Life Opinion

Does implicit bias mean you’re racist?

95% of high school students have a racial preference

I put my fellow classmates to the test. The vast majority of them displayed some sort of racial preference.

Racial bias is a widely-known reality, yet most people still don’t think they’re the ones to blame. That may be partly due to the fact that racial bias can even be unconscious. 

But if you don’t even realize you have a preference towards a certain race, does that make you a racist? 

The Merriam-Webster Dictionary defines racism as “a belief that race is a fundamental determinant of human traits and capacities and that racial differences produce an inherent superiority of a particular race.” Whether or not unconscious preferences count as “beliefs” is perhaps debatable.

That being said, doesn’t having a preference, conscious or not, make us racist, at least, to some extent? Well, if you’re following the official definition — yes, but the word “racism” is normally used in a much broader and serious context. It is not a word that gets thrown around lightly, and calling someone racist due to implicit bias would not sit well with most people. 

Furthermore, it would not be fair to claim that everyone has an implicit racial bias. Luckily, this is an area that has been studied extensively. Harvard University developed a method called the Implicit Association Test (IAT), which tests one’s association of positive and negative words with certain ethnic faces. The test is not a perfect system for determining bias, but it is an important step forward in understanding how widespread implicit racial bias actually is.

So how does it work? The Harvard Race IAT involves seven rounds of association, the first round being the identification of African American and European American faces, and pleasant and unpleasant words. In the third and fourth rounds, you are asked to sort European faces with pleasant words and African faces with unpleasant words. It then switches in the sixth and seventh rounds, and you have to associate African faces with pleasant words and European faces with unpleasant words. The test measures your speed in word association, as well as the amount of mistakes you make.

Once you have completed the test, your results will either show a slight, moderate or strong automatic preference towards either African American or European American people. If you do not demonstrate a visible preference, the results show “little or no preference”. I was very curious to see how common implicit racial bias actually is, so I had a number of my fellow 8forty.ca colleagues complete the IAT.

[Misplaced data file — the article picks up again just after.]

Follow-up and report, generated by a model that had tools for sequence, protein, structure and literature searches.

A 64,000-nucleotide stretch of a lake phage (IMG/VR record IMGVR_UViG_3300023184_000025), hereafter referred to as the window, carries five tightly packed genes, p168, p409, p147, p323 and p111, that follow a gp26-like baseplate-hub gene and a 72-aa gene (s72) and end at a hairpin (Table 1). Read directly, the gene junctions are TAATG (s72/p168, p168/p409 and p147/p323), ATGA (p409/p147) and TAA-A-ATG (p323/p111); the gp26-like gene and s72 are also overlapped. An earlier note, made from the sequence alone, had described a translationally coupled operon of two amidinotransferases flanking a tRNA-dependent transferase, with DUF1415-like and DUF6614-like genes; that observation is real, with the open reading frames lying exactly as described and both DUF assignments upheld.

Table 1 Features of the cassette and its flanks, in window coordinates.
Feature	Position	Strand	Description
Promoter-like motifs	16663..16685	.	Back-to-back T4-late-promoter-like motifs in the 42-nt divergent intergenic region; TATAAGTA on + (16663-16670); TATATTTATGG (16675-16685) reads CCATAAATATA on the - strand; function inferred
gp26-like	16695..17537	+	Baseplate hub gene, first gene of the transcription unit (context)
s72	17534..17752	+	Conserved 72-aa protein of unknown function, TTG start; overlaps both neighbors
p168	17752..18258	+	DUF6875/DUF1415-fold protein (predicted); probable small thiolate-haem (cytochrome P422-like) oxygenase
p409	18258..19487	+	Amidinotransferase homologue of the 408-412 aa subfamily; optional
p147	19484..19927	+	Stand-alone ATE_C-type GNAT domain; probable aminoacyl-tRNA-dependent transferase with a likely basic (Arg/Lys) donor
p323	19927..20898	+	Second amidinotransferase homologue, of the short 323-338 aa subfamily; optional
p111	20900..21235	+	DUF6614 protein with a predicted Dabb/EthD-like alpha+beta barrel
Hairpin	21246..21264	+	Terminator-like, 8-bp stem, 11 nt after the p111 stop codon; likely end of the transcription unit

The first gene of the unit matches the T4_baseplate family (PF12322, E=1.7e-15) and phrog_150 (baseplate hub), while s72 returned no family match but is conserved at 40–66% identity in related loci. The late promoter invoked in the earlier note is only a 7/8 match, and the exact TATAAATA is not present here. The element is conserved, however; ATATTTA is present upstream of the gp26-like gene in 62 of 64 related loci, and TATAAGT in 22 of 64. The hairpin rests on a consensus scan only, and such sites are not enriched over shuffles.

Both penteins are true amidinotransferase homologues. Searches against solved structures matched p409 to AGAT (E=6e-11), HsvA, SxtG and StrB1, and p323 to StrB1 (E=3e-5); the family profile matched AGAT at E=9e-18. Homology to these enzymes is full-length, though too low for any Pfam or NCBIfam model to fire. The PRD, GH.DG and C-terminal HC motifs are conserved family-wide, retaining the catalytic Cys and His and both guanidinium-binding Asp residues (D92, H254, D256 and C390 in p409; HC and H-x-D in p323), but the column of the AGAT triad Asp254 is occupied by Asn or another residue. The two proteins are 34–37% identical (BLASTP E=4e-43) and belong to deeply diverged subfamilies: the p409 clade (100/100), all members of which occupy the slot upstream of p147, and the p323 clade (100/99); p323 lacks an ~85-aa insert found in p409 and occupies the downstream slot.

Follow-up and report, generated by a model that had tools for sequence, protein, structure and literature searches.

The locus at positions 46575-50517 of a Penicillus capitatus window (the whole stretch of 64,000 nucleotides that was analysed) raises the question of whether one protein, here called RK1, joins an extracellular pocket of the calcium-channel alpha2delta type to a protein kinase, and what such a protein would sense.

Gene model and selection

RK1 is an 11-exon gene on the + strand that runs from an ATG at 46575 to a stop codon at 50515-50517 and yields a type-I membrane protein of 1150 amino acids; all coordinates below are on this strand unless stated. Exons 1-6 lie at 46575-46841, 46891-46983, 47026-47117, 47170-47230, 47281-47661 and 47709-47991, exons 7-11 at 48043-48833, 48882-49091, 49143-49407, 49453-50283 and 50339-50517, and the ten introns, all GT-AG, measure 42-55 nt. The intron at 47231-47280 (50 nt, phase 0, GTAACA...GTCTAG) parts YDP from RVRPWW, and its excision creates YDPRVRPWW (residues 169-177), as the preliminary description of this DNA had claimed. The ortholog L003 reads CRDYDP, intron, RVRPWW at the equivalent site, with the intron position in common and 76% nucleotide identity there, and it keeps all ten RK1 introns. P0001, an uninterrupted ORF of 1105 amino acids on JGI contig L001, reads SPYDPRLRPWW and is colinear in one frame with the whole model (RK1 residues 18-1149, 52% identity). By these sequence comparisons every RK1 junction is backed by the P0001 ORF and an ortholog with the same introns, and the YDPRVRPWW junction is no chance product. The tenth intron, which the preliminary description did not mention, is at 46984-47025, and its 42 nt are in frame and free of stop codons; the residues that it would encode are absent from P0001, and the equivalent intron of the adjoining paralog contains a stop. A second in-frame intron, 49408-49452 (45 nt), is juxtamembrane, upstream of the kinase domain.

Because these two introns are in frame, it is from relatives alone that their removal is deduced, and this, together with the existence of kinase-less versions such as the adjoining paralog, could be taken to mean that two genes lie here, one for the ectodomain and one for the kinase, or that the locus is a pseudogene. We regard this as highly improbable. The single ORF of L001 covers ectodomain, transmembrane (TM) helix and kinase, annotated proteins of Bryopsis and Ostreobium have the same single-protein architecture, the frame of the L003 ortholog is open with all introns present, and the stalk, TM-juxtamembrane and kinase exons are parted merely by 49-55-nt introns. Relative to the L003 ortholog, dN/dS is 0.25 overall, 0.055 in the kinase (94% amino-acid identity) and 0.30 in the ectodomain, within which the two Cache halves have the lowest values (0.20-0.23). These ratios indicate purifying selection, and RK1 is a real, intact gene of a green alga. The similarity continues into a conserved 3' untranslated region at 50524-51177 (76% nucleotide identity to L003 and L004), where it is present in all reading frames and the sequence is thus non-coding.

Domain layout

I collected data from 19 high school students of varying ethnicities. Of the 19 students who completed the test, 13 had a preference towards European Americans, 5 had a preference towards African Americans, and only 1 person had little to no preference at all. Of the 18 students that demonstrated racial bias, 44% had a slight preference, 33% had a moderate preference, and 22% had a strong preference. Simply put, the majority of my classmates had an easier time associating European faces with pleasant words and African faces with unpleasant words rather than vice versa. 

I was very interested to compare the data I collected with other race IAT results based on a much larger sample size. Between December 2002 and December 2015, over 3.3 million people completed the Race IAT and the results were truly eye opening.

68% of people demonstrated a preference towards European Americans, 18% had little to no preference, and only 14% demonstrated a preference towards African Americans. Even though this data is slightly outdated, it still clearly shows the racial bias in society.

It is also important to note that implicit racial bias exists against all racial minorities. Pew Research Center conducted a study on the European-Asian IAT, surveying 342 single-race whites, and 404 single-race Asians. 50% of whites displayed a preference towards their own race, while 42% of Asians had a preference towards their race. The most notable outcome, however, was that 38% of Asians displayed a preference for whites, compared to only 19% of whites preferring Asians. 

Now, how does this implicit bias contribute to the injustice that racial minorities face on a day-to-day basis? Well, implicit bias causes us to make unfair assumptions about people of different ethnicities. It also has a huge effect on the decisions we make, from the split-second to the high-consideration. 

Perhaps the most well known area that is affected by racial bias is the criminal justice system. While it is obvious that black people are stopped and searched by police much more frequently than white people, there is also a substantial difference in the length of court sentences. The U.S Sentencing Commission conducted a 4 year experiment between 2012 and 2016, finding that black men serve sentences that are, on average, 19.1% longer than those for white men with similar crimes. 

Implicit racial bias is also evident in our day-to-day lives. Studies show that black people are less likely to receive callbacks from job applications, receive less pain medication from doctors, and are punished more harshly in school than white people.

Now that I have collected my own results, reviewed the results of data from millions of IAT scores, and learned about how implicit bias affects society, what is my answer to my initial question — does implicit bias mean you’re racist?

Yes, we are all racist without even realizing it. 

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